Diploma in Arts (Cinema Studies)

Course 319-CN (2008)

Note: This is an archived Handbook entry from 2008.Search for this in the current handbook

Year and Campus: 2008
Fees Information: Subject EFTSL, Level, Discipline & Census Date
Level: Undergraduate


See www.arts.unimelb.edu.au/about/contact.html and http://www.culture-communication.unimelb.edu.au/screen-studies/
Course Overview:

Cinema studies offers a comprehensive program of study which draws on established links with industry and the professional film community. The program is underpinned by theoretical and interpretive approaches to cinema, television and new entertainment technologies that will assist students in applying this knowledge in practical and professional frameworks. Students benefit directly from the opportunity to explore the creative and professional aspects of the cinematic arts at close range with film directors, organisers of film festivals and film distribution agencies. The academic staff are leaders in their fields and endeavour to provide new and unique approaches to interactive or on-line teaching. With a particular emphasis on viewing and analysis of film, video and television, screenings are an integral part of the program. Graduates of cinema studies find employment in a range of professional capacities and organisations such as film festivals, cinema complexes, the Australian Centre of the Moving Image, the Australian Film Institute, Film Victoria, and Screensound.

Cinema studies deals with the interpretation, history and theory of cinema, television, and new visual media such as computer games and theme park spaces. Subjects cover the areas of film history, Hollywood cinema, art cinemas, documentary, ethnographic film-making, Australian cinema, genre studies (horror, comedy, film noir, the love story, etc.), television, cross-media forms such as comic books, computer games and theme park attractions. Studies address theoretical issues of spectatorship, postmodernism, historical poetics, postcolonialism, gender, sexuality and the body. Cinema is one of the major visual and aesthetic forms of the 20th and 21st centuries.


Refer to http://handbook.unimelb.edu.au/view/2008/105-AA

Course Structure & Available Subjects:

The Diploma in Arts (Cinema Studies) is only available to students who are currently enrolled in an undergraduate degree course at the University of Melbourne. It consists of a three-year sequence of study, and adds one year to the duration of your degree.

Students must complete 12.5 points of first-year study and 87.5 points of study at second/third year. Alternatively, students who have completed appropriate background studies at first year may complete 100 points of second/third year cinema studies subjects.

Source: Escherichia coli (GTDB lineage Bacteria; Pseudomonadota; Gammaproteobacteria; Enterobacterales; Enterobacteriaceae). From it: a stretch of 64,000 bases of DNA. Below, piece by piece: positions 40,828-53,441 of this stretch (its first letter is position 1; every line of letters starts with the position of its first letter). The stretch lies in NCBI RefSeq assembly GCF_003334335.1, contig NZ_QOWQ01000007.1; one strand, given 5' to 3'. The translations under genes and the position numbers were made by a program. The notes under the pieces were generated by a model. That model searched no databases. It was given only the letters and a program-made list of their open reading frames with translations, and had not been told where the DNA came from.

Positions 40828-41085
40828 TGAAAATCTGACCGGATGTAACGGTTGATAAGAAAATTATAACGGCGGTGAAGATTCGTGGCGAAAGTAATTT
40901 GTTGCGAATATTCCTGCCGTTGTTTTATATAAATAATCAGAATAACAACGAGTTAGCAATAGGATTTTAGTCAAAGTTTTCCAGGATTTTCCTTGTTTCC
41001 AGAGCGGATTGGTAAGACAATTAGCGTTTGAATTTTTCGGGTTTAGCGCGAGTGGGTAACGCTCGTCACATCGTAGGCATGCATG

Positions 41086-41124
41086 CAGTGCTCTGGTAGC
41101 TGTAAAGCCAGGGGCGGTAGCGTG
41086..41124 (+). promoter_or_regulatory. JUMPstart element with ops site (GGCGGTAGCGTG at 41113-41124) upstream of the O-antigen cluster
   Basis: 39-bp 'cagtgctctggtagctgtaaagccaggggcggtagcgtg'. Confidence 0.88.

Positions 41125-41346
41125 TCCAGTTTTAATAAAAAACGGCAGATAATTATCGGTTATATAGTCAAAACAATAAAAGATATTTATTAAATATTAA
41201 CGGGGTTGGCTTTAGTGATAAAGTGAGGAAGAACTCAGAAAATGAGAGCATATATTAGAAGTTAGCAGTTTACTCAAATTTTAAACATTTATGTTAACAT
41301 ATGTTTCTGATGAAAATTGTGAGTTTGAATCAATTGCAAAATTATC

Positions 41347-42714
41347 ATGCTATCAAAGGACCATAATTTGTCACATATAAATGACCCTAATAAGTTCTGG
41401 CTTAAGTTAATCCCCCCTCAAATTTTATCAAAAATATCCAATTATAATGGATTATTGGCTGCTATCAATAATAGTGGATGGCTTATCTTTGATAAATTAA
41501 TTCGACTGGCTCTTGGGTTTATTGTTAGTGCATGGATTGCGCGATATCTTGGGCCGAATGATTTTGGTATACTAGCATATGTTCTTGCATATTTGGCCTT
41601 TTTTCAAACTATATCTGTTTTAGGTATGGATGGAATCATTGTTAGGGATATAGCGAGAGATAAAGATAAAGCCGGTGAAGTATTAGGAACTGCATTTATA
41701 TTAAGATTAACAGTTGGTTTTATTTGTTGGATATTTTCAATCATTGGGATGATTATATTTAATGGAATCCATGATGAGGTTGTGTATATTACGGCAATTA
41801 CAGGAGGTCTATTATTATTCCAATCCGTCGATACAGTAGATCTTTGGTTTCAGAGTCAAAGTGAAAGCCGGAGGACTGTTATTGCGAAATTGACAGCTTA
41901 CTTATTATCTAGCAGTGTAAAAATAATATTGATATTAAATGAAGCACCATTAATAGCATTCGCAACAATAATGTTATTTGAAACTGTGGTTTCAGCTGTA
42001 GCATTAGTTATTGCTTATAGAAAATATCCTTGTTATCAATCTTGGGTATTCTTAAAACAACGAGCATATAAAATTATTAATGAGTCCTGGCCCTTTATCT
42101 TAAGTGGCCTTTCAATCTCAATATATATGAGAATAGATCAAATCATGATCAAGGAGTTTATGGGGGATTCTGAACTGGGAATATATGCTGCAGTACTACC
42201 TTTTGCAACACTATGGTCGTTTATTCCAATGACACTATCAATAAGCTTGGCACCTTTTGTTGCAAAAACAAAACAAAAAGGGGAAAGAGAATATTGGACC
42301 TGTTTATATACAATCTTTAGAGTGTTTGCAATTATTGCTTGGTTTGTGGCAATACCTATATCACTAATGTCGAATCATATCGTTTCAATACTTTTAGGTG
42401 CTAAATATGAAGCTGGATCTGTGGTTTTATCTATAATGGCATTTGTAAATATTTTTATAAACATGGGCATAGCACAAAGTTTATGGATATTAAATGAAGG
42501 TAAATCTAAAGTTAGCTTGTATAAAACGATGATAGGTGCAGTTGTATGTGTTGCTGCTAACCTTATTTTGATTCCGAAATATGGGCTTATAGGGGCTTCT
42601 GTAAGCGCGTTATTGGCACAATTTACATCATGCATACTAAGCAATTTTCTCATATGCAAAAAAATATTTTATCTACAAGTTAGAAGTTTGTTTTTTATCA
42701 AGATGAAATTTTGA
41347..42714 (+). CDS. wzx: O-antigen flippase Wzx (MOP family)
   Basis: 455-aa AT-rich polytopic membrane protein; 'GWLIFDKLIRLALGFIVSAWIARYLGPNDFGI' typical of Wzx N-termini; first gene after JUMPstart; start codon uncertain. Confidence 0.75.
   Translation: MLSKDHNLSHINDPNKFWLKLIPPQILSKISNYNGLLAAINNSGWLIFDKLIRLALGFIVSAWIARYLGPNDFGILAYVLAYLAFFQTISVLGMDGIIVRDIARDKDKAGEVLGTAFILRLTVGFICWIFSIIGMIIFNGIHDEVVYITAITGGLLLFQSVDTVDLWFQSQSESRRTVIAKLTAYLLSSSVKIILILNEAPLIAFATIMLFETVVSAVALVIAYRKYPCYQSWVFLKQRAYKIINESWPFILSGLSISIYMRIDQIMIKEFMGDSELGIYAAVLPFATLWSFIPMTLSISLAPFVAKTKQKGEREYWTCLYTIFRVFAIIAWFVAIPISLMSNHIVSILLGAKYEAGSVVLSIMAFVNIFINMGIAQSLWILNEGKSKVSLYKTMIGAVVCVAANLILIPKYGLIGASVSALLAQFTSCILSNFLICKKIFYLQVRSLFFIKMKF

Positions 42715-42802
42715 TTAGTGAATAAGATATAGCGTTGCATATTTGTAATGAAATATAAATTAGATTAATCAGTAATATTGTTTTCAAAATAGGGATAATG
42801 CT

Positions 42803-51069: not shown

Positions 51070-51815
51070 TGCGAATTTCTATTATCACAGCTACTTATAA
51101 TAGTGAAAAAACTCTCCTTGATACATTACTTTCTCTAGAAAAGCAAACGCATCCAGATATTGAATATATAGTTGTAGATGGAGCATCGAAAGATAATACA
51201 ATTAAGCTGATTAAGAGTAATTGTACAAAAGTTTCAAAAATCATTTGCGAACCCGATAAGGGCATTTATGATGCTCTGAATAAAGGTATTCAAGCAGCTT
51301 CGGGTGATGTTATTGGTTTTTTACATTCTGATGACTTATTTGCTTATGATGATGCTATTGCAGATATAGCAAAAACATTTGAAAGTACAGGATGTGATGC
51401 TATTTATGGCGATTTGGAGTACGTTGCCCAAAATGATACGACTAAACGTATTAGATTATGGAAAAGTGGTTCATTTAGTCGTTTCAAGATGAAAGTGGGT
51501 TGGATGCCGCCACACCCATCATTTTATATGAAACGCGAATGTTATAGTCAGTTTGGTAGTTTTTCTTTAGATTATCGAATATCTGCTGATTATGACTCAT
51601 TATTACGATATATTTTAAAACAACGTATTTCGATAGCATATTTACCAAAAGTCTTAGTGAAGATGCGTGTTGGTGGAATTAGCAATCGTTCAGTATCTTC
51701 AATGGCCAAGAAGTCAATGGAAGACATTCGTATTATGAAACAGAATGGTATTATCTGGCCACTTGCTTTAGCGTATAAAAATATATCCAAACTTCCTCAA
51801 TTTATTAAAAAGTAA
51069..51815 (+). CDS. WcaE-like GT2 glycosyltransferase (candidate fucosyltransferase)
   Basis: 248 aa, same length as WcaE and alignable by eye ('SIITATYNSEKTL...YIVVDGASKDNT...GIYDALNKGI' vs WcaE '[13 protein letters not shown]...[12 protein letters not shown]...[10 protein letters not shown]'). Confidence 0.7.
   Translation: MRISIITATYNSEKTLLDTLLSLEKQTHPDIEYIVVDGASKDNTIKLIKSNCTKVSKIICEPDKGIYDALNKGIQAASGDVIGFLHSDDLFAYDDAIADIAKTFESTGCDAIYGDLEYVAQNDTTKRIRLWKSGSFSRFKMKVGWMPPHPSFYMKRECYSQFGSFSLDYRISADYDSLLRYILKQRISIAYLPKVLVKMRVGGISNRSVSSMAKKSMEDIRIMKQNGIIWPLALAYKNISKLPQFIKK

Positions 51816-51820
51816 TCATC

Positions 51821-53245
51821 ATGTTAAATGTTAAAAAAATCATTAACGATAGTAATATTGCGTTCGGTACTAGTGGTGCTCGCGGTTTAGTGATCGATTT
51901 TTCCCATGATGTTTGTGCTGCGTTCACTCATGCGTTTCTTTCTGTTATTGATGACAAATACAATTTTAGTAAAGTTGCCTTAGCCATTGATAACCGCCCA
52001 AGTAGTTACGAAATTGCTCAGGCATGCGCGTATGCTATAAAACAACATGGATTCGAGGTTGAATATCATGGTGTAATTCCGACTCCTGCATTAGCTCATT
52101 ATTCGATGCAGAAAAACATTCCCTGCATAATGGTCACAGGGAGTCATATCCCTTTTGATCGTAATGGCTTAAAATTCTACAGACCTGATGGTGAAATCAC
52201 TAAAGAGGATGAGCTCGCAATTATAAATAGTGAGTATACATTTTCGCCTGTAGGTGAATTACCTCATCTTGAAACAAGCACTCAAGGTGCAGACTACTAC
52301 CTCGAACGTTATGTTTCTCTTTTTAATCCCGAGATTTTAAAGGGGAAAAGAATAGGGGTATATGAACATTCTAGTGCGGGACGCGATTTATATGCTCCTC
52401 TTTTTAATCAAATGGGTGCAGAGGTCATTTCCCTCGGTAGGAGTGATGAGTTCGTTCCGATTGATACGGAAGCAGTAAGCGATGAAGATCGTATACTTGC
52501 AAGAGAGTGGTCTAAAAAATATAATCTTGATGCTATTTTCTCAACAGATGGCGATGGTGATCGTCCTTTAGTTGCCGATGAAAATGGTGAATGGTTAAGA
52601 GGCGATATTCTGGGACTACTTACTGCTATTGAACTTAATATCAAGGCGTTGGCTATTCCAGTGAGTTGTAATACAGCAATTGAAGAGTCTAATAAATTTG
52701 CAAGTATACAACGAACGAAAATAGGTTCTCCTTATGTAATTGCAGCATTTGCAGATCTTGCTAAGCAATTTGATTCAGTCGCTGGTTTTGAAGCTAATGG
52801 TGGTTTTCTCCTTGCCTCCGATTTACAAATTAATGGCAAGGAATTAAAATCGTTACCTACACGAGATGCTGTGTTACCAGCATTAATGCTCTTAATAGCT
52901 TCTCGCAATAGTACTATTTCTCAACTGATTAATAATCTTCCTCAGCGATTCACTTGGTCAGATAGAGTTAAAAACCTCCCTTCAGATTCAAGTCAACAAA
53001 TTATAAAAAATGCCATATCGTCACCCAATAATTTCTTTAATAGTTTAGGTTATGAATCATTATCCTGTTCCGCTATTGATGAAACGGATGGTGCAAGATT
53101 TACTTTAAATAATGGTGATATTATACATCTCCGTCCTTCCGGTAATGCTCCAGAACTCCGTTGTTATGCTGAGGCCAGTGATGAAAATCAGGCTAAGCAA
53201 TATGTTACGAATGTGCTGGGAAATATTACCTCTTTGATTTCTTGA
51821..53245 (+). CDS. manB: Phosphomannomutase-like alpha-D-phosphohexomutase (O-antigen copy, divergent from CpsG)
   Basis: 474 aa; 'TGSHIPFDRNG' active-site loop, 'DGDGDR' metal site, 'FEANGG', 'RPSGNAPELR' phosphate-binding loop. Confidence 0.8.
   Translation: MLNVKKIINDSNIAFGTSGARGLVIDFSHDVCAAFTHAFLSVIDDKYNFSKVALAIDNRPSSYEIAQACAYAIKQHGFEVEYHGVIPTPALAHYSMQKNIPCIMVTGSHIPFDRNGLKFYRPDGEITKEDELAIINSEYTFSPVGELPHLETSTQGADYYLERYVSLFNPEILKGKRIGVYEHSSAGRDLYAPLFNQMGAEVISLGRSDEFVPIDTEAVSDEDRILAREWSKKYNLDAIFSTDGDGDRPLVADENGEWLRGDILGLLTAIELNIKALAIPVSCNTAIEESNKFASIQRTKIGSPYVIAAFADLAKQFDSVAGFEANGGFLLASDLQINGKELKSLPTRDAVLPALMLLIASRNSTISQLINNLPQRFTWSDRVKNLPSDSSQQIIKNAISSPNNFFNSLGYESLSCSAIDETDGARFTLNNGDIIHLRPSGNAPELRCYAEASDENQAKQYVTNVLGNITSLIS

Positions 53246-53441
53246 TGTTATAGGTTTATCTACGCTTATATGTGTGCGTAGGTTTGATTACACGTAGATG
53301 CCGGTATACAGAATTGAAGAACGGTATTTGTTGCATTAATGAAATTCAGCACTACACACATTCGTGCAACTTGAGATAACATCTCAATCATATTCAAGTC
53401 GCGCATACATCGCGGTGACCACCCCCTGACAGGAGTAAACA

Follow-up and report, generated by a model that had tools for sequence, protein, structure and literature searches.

Subject Options:

First Year Subject

Study Period Commencement:
Credit Points:

Second/Third Year Subjects

Study Period Commencement:
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Not offered in 2008
Not offered in 2008
Entry Requirements: The Diploma in Arts (Cinema Studies) is only available to students who are enrolled in a non-Melbourne Model degree course at the University of Melbourne. Students need to be able to fit a three-year sequence of study alongside their degree to be eligible for the Diploma in Arts.
Core Participation Requirements: The Diploma in Arts requires a standard level of ability across all disciplines. It will be assumed students are able to access and attend classes on a regular basis, are capable of learning in a University environment and will be able to take responsibility for their own learning. Any ability beyond this threshold will be robustly supported through the curriculum. There are no pre-requisites for first year subjects, and any intensive use of IT or technologies will be adequately supported. Certain subjects have more specific requirements and demands, such as fieldwork or travelling, which are clearly outlined in the Handbook's subject description. However, the University is dedicated to provide support to those with special requirements. The Faculty Disability Contact Officer works with students, the University Disability Liaison Unit and teaching staff to assist students with their special requirements, with a particular focus on accommodations for in-class and examination assessment tasks. Further details on the disability support scheme can be found at http://www.services.unimelb.edu.au/disability.
Further Study: Arts offers many opportunities for further study. A postgraduate diploma, leading on to a masters degree or PhD, can add vocational and/or research skills to your undergraduate arts degree and increase your employment options. Arts graduates also use postgraduate study to explore in greater depth and detail subjects they found interesting during their undergraduate study or to study a completely new field of knowledge.
Graduate Attributes: Refer to http://handbook.unimelb.edu.au/view/2008/105-AA
Generic Skills: Refer to http://handbook.unimelb.edu.au/view/2008/105-AA

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